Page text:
A Bach Vespers Reflection for Palm Sunday
The following is a reflection delivered at Bach Vespers, Christ Church Cathedral in Cincinnati, Ohio, on Sunday, April 10, 2022.
I have a small bronze figure that sits on the mantel in my living room. My father gave it to me. It is mounted to a large, chunk of heavy rock connected by a small bronze rod. The rod is hidden from most viewpoints, so the figure appears to be flying.
The bronze figure is Icarus, the Greek mythological character. You may be familiar with this story. Icarus’ father was Daedalus, the creator of the famous Labyrinth on the island of Crete. Daedalus and Icarus were imprisoned by King Midas within the labyrinth. Midas carefully controlled the sea around Crete, but the wise Daedalus developed a plan for escape: he fashioned two sets of wings from feathers, string, and hot wax for him and his son to use for their escape. Prior to their attempt, Daedalus warned Icarus against hubris, and that he should not fly too low, lest the water dampen the feathers, or too high, as the proximity to the sun would melt the wax.
The wings worked, and they flew from the island. However, young Icarus grew giddy with the sensation of flight and began to soar higher. He flew too close to the sun, the wax melted, and he plunged into the sea where he drowned.
Today’s cantata was first performed in 1714 in Weimar where Bach had been Court Organist for six years. On March 2 of that same year, Bach received a promotion to Concertmaster of the Court orchestra. Palm Sunday fell on March 25, just three weeks later, and Bach composed this cantata to celebrate that feast day. It also conveniently featured him extensively on the violin part, celebrating his recent appointment. Besides Bach’s Passion settings which were all performed on Good Fridays, this is the only cantata he wrote to be performed during the Lenten season.
In some ways, Palm Sunday is the abbreviated version of Holy Week. In a short time, we witness the enthusiasm of Jesus’ entry into Jerusalem with waving palms, and soon after we stand in lamentation at the foot of the cross. It is a remarkable journey, moving from celebration to sorrow. While today’s cantata encompasses much of that journey, as you will hear, it clearly leans into the joy of the day. As it should. We know how the story ends.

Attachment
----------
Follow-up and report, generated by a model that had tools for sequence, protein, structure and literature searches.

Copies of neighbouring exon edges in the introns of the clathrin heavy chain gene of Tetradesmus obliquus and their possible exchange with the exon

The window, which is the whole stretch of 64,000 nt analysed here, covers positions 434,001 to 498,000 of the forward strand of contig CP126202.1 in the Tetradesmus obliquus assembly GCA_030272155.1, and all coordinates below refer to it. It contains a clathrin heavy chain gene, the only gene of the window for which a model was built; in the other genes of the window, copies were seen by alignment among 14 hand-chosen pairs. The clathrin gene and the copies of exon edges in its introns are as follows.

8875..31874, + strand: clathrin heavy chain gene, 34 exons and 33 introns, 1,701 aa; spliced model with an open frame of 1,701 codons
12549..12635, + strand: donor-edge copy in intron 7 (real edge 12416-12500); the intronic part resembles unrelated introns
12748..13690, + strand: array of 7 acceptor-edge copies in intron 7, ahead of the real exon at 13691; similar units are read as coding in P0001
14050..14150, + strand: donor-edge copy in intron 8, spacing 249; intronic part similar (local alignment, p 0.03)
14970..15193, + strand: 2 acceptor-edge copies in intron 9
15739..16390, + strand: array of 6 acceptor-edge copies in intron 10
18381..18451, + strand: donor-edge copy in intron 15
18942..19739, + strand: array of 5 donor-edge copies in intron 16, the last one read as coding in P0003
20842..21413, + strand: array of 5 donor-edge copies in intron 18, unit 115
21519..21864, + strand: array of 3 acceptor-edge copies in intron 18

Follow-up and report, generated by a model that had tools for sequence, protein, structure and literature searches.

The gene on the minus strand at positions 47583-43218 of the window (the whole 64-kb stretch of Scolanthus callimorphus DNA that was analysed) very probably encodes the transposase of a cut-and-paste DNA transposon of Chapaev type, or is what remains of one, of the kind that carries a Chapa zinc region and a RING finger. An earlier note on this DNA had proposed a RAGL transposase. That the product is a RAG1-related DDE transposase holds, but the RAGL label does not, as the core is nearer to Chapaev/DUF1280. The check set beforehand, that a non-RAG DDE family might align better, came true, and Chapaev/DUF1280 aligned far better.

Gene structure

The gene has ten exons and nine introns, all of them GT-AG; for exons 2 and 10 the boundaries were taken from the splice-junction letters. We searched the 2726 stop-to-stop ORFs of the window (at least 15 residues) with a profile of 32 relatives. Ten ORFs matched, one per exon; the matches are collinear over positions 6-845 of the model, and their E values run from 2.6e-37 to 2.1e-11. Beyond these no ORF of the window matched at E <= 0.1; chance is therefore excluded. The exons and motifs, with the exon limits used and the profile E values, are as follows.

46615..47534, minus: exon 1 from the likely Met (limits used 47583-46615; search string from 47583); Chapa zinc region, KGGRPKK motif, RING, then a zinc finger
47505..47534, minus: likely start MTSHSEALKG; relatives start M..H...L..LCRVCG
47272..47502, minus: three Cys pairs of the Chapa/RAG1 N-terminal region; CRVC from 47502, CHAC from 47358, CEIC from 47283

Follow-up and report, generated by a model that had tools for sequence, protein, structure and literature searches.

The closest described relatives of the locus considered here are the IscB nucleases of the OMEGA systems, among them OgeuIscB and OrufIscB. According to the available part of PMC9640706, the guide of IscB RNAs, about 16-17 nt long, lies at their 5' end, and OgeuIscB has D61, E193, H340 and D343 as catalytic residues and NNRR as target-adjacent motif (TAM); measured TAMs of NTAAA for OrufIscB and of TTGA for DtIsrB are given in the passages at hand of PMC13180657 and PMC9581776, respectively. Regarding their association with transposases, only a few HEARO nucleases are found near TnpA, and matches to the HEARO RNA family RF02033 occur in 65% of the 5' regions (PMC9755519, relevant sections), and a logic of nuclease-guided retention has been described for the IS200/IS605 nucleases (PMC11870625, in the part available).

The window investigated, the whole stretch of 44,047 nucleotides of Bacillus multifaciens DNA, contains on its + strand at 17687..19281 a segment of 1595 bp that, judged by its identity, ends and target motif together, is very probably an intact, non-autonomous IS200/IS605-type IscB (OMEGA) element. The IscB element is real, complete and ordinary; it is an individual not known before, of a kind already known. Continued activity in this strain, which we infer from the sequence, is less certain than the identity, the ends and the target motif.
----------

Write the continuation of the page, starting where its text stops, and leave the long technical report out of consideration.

As I studied the cantata over the past weeks, I kept coming back to the bronze Icarus in my living room. It is different from most artistic representations of the myth. It is common to see depictions of his tragedy, his fall, and his failure.
But my Icarus is different. Instead of showing him as he falls, it shows him just moments after his first leap from the rock: his strong arms extended, his wings outstretched, his head lifted upward, with an expression of pure joy. It shows him in the intoxicating thrill of flight. It is the instant of escape, the instant of freedom, and the instant of promise. It is a moment of triumph.
Like my Icarus, Bach’s Palm Sunday cantata is concerned with the triumph. It is not the passion story. There is an acknowledgment of what is to come in the sixth and seventh movements, as you will hear, but the joy of the opening and closing choruses is infectious with exultation.
So is there an Icarus in this story? You might think I am suggesting that Jesus’ entry into Jerusalem and crucifixion are parallels to Icarus’ flight and fall, but I don't think that is the case. Jesus had no illusions about where that parade was leading him.
No, the Icarus of Palm Sunday, the victim of hubris…is us.
Earlier this morning, the congregation of St. Thomas gathered outside on the steps of our church. We sang “Hosannas” together and waved palm fronds and retold that first story of Palm Sunday. The sun was wonderfully bright and shined down on our faces, and we radiated joy to one another.
We processed into our church, and only moments later told the second story. And now, the same people who shouted “Hosanna” earlier, now cried out, “Crucify him.” We can see ourselves turn from the thrill of joy to the demand for justice. We witness the mob mentality, and how quickly our cheers turn to jeers.
The story of Palm Sunday is, in part, the story of us. Our frailty, our weakness, pettiness, and tendency to ugliness. That is the hubris that leads to our plunge.
What are we to do? Allow me to suggest a good start from the book of Micah:
He has told you, O mortal, what is good; and what does the Lord require of you but to do justice, and to love kindness, and to walk humbly with your God?
That is we are called to be just, not judgmental; to show mercy and forgiveness mercy rather than contempt and hate. And we are to walk humbly with God, carrying the joy of promise and the joy of triumph with us. And as the closing chorus says:
Then let us go into the Salem of joy,
accompanying the King in love and sorrow.
He goes before
and opens the path.